Sunday, January 10, 2010

In 2010 what's new, what's not

Following the holiday break, many of Reuters Middle East correspondents are back on the job so we thought we'd take a look at how they're approaching their subject in the New Year.  When it comes to reporting on Jewish settlements anywhere in Mandatory Palestine outside of the 1949 armistice lines, it's often Jeffrey Heller that does the writing.  As we've noted in the past, Heller appears to have a peculiar obsession with Jews living beyond the armistice lines (the reference to 1967 'borders" is a misnomer as the Arab states refused to recognize Israel or respect her original borders and the armistice lines simply denote the divide separating opposing armies at the point fighting halted).

In a story appearing on the Reuters website on Tuesday, Heller reports on Israel's plans to construct four apartment buildings in the eastern portion of Jerusalem.  Anywhere else in the world, such an announcement would barely merit a mention (see if you can locate a Reuters article on Indian construction in Kashmir) but when it comes to the Jewish state, it's often front page news so let's take a look at Reuters' handling of the story.  Heller writes:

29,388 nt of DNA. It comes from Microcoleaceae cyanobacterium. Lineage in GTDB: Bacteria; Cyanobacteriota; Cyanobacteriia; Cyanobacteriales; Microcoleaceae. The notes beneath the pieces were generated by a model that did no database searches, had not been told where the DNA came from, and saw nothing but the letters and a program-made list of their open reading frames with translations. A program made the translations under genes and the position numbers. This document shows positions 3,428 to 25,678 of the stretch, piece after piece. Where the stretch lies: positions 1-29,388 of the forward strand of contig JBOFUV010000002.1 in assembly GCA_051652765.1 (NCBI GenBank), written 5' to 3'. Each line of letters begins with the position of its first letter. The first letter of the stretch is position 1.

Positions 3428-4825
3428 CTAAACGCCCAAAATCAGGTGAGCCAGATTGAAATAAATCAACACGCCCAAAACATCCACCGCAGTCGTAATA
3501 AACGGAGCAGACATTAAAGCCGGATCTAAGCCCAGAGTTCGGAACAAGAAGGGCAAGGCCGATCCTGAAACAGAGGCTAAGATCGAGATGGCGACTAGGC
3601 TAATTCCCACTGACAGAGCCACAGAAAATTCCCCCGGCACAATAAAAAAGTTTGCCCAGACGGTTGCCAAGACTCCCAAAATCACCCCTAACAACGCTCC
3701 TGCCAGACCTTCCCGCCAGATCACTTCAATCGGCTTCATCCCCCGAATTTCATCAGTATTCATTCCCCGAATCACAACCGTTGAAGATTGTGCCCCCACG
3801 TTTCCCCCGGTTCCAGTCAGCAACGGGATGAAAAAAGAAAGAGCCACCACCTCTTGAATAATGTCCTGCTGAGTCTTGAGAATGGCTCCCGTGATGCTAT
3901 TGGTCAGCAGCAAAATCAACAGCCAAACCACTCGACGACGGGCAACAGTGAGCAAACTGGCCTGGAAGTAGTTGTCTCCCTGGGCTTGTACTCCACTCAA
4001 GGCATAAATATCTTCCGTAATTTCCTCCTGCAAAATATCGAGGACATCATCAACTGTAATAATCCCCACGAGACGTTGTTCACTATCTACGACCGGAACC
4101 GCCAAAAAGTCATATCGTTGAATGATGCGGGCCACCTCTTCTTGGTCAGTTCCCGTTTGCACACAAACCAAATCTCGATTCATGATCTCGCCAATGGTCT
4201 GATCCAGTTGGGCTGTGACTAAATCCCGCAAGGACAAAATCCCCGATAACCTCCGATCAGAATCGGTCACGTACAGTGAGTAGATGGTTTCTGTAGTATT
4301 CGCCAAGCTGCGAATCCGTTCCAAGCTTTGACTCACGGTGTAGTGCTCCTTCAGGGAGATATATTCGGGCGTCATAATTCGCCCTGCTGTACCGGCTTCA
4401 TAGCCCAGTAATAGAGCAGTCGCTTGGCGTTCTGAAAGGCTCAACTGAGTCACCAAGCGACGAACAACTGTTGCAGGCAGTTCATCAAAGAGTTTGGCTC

Palestinians want East Jerusalem to be the capital of a future state in the West Bank and Gaza Strip. They say Israeli settlements could thwart their hopes for a viable homeland.
The reference here to Jewish residences in the eastern part of Jerusalem (which Heller erroneously demarcates a separate city) as "settlements" is clearly intended to characterize them as interloping.  For example, Heller selectively cites history ("some 200,000 Israelis already live in East Jerusalem and nearby areas of the West Bank that Israel captured in a 1967 war") without mentioning that thousands of Jews lived in the city for centuries prior to being ethnically cleansed by the Arab Legion in the earlier 1948 war.  Heller's treatment leaves readers with the impression that the eastern portion of the city is by rights, Arab property, and that Israelis, i.e., Jews, have only recently (and illegally) settled there.  Nothing could be further from the truth.  The photos above depict the Jewish Quarter of the Old City of Jerusalem prior to, and following ethnic cleansing by the Arab Legion.

The good news is that as compared to previous stories on the same general subject, Heller has made two material changes in his approach.  First, he has dropped use of the racist misnomer "Arab East Jerusalem" in favor of reference to the non-existent but neutral destination "East Jerusalem".  Secondly, consistent with the Reuters Handbook of Journalism, he has cited Israel's title for the disputed territories, Judea and Samaria.  We commend Heller and Reuters for these quality adjustments.

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